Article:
InforMS: Fall 2014

 

Maximizing Brain Health

By Patricia Daily | When people are first learning to live with multiple sclerosis, they notice that symptoms come and go and vary all the time. Because it seems logical to assume that this is caused by something they are doing or not doing, they begin to search for clues about what makes symptoms more or less active. They begin to preface potential activities with the query, “Will this make my MS worse?” It usually takes a while for people to realize that MS fluctuates all the time, often unpredictably, despite what they do or don’t do.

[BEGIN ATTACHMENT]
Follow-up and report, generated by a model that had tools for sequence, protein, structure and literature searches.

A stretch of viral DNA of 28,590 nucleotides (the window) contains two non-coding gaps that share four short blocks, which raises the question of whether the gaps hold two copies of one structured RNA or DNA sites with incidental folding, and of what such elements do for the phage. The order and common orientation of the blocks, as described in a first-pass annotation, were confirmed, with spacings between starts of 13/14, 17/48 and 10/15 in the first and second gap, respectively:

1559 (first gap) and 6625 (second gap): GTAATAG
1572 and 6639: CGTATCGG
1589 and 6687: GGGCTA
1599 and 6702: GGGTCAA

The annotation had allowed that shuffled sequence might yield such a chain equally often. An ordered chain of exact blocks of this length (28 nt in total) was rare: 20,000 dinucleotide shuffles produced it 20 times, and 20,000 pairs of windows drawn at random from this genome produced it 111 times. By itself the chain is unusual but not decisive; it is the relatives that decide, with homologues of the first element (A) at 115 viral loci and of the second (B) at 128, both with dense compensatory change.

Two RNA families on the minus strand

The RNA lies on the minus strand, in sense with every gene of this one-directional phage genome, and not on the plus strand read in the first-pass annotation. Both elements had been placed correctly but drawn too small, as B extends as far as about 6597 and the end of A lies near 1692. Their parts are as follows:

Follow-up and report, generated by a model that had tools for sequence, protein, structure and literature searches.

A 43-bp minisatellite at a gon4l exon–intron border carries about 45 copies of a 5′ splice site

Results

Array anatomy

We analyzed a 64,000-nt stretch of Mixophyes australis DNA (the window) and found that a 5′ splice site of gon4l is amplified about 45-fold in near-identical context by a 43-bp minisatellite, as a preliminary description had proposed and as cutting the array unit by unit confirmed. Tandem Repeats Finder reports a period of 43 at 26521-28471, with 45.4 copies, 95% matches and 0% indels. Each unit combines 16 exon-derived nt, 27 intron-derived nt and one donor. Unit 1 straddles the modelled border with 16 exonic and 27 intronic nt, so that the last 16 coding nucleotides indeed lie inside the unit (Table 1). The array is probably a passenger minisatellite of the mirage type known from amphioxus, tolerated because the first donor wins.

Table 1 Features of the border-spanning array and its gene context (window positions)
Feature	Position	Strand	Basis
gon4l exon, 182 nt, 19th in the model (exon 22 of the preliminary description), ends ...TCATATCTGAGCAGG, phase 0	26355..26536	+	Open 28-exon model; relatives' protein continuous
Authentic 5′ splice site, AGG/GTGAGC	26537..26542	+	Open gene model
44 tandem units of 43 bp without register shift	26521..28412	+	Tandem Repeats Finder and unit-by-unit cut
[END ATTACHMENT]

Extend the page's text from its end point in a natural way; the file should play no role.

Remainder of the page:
When they first visit a neurologist they are usually prescribed, or at least encouraged to consider, a disease-modifying therapy. They inquire about other strategies to manage MS and ask, “What about diet? Does acupuncture help? What about yoga?” The typical answer is that the standard of care for MS is to use a disease-modifying therapy and that there is no evidence that any of these other interventions make any difference in the disease course.

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